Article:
I’m not the only one who is keen to spread the fermented wealth. I just read an article about a Sydney baker who is sending sourdough starter to people across the country, so they can bypass yeast altogether. How. Nice.
Now, as I have my second batch of Hot Cross Buns rising in the kitchen (the smell of them is SUCH a good mood-booster so don’t judge me, please), I send thoughts and prayers to those without yeast. I acknowledge my yeast privilege and I vow to tweet updates with the hashtag #yeastspotted in an attempt to offset my yeast wealth. I’m not even joking. Yeast for all.
* (Of course, many people are too busy working, saving lives or fighting for their own. Don’t get me wrong. I know this and it is top of mind. We are allowed to care about and talk about many facets of the same thing. Also? It’s okay to write something light-hearted in the midst of hard days.)
Delight – The Sanity-Saving Slow Cooker
I don’t know about you, but by the time it gets to about 4pm these days I am totally, utterly, unequivocally knackered. The idea of cooking dinner seems near impossible, due to a sluggish cocktail of hypervigilence, worry and sadness (I will be okay! It’s normal to be sad sometimes!) slowing me the holy heck down.
Adjusting to the big changes we are all dealing with means many of us are dog-tired at the end of the day. Perhaps you too find the idea of making dinner totally NON delightful? I’m sure it’s not just me.
This is where today’s delight aka the slow cooker (or a big, heavy pot and a low flame) comes to the rescue.
You can whack something on in the morning when you’ve got some energy and feel inclined to organise your ingredients and cook. By the time those voices come at you (perhaps just your own?!) asking “what’s for dinner” your meal is cooked. Hurrah! There’s even enough left over to have on toast the next morning or in a jaffle for lunch the next day.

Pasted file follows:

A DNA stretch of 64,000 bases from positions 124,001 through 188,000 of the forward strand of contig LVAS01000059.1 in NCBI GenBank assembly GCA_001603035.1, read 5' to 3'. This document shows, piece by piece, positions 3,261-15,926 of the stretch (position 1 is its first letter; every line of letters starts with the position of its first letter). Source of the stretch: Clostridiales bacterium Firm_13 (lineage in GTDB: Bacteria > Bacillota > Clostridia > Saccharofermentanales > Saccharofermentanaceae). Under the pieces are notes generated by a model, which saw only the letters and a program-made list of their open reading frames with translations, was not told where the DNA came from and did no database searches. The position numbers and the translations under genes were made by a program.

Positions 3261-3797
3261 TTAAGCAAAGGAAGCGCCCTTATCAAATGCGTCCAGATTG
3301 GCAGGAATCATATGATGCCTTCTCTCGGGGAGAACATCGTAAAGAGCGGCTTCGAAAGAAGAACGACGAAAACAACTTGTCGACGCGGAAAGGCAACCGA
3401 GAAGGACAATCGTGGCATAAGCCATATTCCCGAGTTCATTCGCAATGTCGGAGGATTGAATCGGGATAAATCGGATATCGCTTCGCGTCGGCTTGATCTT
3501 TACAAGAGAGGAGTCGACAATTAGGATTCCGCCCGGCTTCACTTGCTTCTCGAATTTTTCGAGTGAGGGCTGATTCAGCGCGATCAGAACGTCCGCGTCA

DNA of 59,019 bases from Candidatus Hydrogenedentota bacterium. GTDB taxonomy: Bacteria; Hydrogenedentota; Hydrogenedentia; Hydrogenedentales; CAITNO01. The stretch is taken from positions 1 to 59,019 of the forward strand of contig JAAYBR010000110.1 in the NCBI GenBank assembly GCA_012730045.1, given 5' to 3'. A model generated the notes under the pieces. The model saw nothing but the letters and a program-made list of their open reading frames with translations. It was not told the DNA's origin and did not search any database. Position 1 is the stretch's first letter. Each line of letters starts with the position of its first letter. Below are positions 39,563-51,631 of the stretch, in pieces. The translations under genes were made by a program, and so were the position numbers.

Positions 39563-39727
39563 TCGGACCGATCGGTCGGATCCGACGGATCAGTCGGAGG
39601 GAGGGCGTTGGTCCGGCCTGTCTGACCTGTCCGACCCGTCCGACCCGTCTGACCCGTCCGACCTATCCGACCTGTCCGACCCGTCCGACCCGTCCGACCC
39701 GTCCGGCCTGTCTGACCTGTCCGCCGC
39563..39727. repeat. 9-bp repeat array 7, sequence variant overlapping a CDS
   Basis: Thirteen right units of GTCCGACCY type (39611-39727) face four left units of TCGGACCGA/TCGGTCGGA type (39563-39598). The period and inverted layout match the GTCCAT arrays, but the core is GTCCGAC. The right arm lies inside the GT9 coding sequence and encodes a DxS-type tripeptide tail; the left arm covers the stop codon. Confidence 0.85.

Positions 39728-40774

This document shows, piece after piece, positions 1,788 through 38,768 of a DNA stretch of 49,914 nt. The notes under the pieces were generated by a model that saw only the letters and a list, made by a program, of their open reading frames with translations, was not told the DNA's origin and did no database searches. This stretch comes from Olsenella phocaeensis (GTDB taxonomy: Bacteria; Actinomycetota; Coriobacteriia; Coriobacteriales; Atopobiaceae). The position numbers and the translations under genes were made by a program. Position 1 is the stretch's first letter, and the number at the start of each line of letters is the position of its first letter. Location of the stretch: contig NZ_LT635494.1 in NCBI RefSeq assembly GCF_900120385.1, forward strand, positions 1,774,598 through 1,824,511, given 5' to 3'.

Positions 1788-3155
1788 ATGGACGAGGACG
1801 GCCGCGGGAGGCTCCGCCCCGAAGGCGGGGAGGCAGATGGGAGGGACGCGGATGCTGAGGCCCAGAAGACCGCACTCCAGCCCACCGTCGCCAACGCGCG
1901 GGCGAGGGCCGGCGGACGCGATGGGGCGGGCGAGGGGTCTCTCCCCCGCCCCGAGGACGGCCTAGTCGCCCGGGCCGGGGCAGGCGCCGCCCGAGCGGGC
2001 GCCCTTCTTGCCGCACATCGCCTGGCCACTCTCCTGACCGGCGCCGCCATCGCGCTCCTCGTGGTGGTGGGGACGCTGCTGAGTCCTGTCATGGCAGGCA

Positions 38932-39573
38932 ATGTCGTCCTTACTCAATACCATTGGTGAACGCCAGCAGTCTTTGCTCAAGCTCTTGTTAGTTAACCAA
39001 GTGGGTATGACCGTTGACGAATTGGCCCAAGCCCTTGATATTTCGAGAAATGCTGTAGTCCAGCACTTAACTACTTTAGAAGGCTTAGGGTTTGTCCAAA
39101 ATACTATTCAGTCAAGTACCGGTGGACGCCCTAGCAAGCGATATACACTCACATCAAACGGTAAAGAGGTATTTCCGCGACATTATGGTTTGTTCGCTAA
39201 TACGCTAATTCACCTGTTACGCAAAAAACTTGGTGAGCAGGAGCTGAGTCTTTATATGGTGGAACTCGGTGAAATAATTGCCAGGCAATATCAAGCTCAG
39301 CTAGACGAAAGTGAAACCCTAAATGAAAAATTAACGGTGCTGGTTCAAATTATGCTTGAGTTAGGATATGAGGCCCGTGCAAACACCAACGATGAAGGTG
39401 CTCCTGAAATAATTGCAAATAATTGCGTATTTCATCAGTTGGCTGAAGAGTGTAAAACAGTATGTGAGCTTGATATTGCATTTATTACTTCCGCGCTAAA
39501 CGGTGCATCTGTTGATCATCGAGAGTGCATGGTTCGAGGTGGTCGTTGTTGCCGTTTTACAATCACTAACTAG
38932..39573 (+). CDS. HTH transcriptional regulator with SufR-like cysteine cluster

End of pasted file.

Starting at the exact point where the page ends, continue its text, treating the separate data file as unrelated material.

A few nights of being unable to cook dinner due to iso-exhaustion (isoxhaustion?) had been weighing guiltily on me when my slow cooker caught my eye. It was minding its own business in the pantry but I just sensed it was keen to take a turn around the kitchen. I obliged.
Since then we’ve had two excellent slow cooked meals and the house has been filled with delicious cooking smells most late afternoons.
Yep. At that very time the curious dinner questions usually get trotted out, it’s comfortingly clear that dinner is sorted, and that makes everyone feel happy and secure.
Clearly it’s not nice when there is no dinner, and the person/s who usually get their dinner made by their enthusiastically foodie parent may find it disheartening as they open another packet of noodles or boil another egg. Especially so if making food is one of the trusty ways you show love to those around you … and you suddenly can’t/don’t/both. It may even conjure up thoughts of those days when that same parent spent an awful lot of time watching endless episodes of Gossip Girl in their room with the door closed … or crying in the car.
Making dinner in the morning, announcing what’s on the menu, and serving it up later that evening with a side of easily-cooked rice or alongside some steamed, buttery potatoes or atop a just-warmed tortilla is an excellent solution for all.
So if you are finding that you are too overwhelmed by the weighty days we are pushing through, and can’t summon up the enthusiasm or energy to make a proper dinner, then maybe you might like to give your slower cooker (or big pot) a turn around your kitchen too?
Slow cooked dinners = delight.
Stay as well as you can, peaches.